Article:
Will Investment Bankers Be Brushed Aside in Technology Deals? According to the New York Times, Google’s CEO Larry Page suggests a “toothbrush test” for potential acquisitions: ”Is it something you will use once or twice a day, and does it make your life better.” As technology M&A booms, investment bankers are playing a declining role in advising buyers, particularly in Silicon Valley. According to the New York Times, “the acquiring company did not use an investment bank in 69 percent of American technology acquisitions worth more than $100 million this year, according to Dealogic. That number was 27 percent 10 years ago.” Recent mega-deal examples of unadvised buyers include Apple’s acquisition of Beats Electronics, Google’s acquisition of Waze and Oracle’s agreement to purchase Micros Systems.

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Wal-Mart Required to Provide Privileged Documents in Shareholder Demand for Corporate Records The Delaware Supreme Court recently upheld a decision requiring Wal-Mart to provide extensive records in response to a shareholder demand under Section 220 of Delaware corporate law, despite the privileged and confidential nature of the information. In Wal-Mart Stores, Inc. v. Indiana Electrical Workers Trust Fund IBEW, the court adopted the Garner doctrine, which allows “stockholders of a corporation to invade the corporation’s attorney-client privilege in order to prove fiduciary breaches by those in control of the corporation upon showing good cause.” The shareholder demand relates to an investigation of allegations of payments by Wal-Mart to Mexican officials in violation of the Foreign Corrupt Practices Act.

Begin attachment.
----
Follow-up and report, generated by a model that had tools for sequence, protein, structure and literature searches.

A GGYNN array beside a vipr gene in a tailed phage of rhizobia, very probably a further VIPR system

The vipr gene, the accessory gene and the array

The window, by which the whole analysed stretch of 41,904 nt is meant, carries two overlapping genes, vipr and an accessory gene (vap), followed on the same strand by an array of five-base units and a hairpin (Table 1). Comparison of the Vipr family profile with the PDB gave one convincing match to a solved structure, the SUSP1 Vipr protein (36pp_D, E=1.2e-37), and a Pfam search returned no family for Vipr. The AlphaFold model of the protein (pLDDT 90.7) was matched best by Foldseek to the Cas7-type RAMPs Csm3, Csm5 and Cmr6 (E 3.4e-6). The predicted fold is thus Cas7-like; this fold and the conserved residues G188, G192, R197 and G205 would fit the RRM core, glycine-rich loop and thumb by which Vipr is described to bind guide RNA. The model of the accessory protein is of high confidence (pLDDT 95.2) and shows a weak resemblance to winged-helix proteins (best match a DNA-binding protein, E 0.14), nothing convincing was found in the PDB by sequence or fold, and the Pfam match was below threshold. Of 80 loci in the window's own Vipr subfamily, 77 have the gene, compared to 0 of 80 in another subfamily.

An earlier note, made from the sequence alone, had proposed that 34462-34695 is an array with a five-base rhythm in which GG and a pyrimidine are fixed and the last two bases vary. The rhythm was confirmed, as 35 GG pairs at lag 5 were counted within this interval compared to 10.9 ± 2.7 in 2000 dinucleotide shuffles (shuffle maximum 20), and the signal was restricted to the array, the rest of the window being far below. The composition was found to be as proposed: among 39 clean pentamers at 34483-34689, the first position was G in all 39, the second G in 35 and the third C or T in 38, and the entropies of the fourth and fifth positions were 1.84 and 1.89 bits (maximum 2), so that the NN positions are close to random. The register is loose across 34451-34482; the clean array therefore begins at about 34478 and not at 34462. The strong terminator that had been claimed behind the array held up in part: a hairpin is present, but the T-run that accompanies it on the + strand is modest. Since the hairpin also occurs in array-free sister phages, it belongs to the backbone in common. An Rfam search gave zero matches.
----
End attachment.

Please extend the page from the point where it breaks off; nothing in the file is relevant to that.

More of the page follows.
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ISS Announces Equity Plan Data Verification Portal ISS, noting its “commitment to advancing the level of transparency and engagement in its data collection process,” announced a new way for companies to verify information used by ISS for recommendations on shareholder votes involving equity-based compensation plans. Companies are encouraged to register for the portal, allowing them access to ISS data and the ability to request modifications. Companies will only have a two-day window after receiving notice to request any such modification.

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Disclosure Practice When a CEO Gets Sick The announcement in July that JPMorgan Chase CEO and Chairman Jamie Dimon had throat cancer is an example of the difficult disclosure decisions public companies face when a CEO gets sick. Deciding what to say and when to say it involves a delicate balance between investors’ need for disclosure and the CEO’s right to privacy. The reviews suggest that JPMorgan Chase did this well, while Apple, when handling disclosures about Steve Jobs’ illness, did not.

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The Ticker is published by Fredrikson & Byron’s Public Companies Group and shares recent developments in SEC compliance, capital markets, corporate governance, executive compensation and other matters important to public companies and their officers and directors.